Let’s Stop Consuming Plastic and Help Our Rivers to Become Healthier.
Let’s consume less plastic and help our rivers to become healthier.
Rivers deposit 2.75 million metric tonnes of plastic into the seas each year, with just ten rivers contributing up to 95% of the world’s total waste.
Of the 2.75 million metric tonnes of plastic waste deposited into the ocean by rivers each year, 1.5 million, or 55%, flows out of the Yangtze (*)
The longest river in Asia has become one of the world's most polluted, with tonnes of plastic waste threatening marine life in the East China Sea and beyond.
The Yangtze River is the third longest river in the world, with a length of more than 6,300km.
China is one of the biggest plastic consumers in the world.
In 2016, package delivery services used an estimated 14 billion plastic bags.
And with the rapid increase of food delivery options, it is estimated that 60m plastic containers are used each day - many of which cannot be recycled
According to Chen Liwen of environmental group Nature University:
“Plastic waste that has no value for recycling is either burned directly or dumped in waterways and eventually ends up in the sea. This is very common in China’s rural areas, where there is no waste management in place.”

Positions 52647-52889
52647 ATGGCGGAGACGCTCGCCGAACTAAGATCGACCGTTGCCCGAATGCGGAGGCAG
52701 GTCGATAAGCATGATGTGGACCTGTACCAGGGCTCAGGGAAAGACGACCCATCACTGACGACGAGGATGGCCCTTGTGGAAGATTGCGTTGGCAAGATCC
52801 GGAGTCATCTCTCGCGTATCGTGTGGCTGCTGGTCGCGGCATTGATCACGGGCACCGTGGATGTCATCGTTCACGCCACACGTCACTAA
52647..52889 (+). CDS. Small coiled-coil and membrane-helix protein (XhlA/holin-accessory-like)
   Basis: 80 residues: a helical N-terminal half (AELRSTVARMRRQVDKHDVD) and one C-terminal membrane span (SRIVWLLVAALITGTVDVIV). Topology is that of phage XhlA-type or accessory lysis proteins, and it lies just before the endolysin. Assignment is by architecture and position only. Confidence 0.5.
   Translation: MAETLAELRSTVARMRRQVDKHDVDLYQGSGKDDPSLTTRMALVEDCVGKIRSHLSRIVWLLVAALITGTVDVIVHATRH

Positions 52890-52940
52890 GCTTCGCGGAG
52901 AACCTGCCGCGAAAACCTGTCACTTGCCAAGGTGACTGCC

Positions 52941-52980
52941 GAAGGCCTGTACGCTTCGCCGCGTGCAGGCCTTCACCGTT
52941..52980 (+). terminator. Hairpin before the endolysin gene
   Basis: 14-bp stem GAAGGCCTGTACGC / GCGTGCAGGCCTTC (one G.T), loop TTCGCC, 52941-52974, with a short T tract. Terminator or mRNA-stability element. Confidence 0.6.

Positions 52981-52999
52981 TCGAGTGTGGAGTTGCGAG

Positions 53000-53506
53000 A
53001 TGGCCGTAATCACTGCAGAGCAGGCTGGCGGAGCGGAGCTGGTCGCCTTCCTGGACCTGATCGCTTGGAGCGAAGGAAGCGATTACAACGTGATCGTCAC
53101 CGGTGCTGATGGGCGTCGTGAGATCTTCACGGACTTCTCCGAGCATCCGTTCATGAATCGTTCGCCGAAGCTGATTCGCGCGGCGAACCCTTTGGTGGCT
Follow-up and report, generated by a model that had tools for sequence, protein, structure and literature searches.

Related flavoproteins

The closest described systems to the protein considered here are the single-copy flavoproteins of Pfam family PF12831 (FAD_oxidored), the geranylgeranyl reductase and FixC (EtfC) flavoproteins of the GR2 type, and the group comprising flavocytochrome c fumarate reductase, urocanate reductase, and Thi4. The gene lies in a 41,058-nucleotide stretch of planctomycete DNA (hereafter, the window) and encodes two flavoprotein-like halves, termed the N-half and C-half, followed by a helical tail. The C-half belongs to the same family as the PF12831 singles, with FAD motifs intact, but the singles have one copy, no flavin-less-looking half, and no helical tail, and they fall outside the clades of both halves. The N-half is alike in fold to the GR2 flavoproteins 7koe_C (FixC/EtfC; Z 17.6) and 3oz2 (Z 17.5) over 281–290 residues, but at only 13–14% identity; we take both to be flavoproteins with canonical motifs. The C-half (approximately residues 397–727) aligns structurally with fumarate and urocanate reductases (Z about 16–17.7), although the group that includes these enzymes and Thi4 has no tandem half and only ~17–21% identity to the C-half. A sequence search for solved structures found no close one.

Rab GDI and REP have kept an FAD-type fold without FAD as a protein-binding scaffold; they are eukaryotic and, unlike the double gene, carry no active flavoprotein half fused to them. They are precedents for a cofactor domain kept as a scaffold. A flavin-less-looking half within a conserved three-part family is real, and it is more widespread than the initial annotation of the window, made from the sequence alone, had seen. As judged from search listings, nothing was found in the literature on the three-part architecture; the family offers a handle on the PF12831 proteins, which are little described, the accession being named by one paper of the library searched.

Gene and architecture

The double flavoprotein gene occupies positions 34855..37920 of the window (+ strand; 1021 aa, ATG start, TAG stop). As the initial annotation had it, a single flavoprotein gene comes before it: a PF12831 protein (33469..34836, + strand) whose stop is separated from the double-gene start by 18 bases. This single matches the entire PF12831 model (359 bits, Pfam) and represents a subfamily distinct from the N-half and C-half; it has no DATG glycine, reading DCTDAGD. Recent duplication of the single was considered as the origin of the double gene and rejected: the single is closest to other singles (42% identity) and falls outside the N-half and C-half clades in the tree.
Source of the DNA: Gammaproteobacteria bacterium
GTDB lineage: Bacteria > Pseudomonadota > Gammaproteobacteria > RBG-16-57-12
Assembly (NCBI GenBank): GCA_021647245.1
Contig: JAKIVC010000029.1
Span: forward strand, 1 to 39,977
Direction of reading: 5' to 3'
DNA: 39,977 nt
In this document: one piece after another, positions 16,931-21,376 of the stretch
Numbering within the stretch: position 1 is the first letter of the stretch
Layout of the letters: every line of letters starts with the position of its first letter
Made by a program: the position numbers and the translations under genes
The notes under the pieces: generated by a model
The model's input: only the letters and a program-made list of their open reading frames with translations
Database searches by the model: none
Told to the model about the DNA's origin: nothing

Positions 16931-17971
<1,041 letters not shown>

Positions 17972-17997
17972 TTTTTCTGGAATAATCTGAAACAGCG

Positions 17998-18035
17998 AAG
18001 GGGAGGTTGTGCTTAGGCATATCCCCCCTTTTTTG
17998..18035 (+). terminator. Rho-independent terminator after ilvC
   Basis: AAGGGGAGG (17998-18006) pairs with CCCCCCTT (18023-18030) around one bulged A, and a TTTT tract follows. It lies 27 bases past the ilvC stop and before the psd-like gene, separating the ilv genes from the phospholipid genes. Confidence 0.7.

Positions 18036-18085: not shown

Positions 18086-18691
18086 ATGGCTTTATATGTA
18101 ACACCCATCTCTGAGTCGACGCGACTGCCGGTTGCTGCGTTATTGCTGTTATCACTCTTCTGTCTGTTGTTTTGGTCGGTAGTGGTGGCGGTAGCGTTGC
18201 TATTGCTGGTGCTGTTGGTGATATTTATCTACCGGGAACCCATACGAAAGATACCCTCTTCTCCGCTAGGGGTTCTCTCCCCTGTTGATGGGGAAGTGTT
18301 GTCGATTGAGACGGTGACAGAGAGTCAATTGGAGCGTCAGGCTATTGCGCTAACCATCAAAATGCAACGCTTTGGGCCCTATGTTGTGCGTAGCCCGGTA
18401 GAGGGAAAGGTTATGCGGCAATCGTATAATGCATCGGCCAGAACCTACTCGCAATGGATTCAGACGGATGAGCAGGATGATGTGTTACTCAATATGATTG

A polluted river, not only due to plastics, industry and agriculture contribute hard also, has huge consequences in our life. The drinking water coming from rivers will be unsafe and need more chemicals to do drinkable; we will lose one of our natural sources of nutritionist, and the biodiversity will disappear.
Nearly a third of all fish species in the Yangtze are now endangered. In the 1950’s, the river was able to produce 430.000 tons of catch for fisheries each year, but now fallen by over three-quarters.
So, what we can do?
As a single person we can stop consuming plastic as much as we can by reducing and refusing them, specially the single-use plastics.
Just follow some easy steps for preparing your Zero Waste Starter Pack.
You can also join one of our #IamZeroWaste workshops coming in April.
If you want a more complete and understanding information here some links:
(*) This figure is according to a study led by Christian Schmidt, a hydrogeologist at the Helmholtz-Centre for Environmental Research, which was recently published in the Environmental Science & Technology journal. The study looked at data on 79 sampling sites along 57 rivers.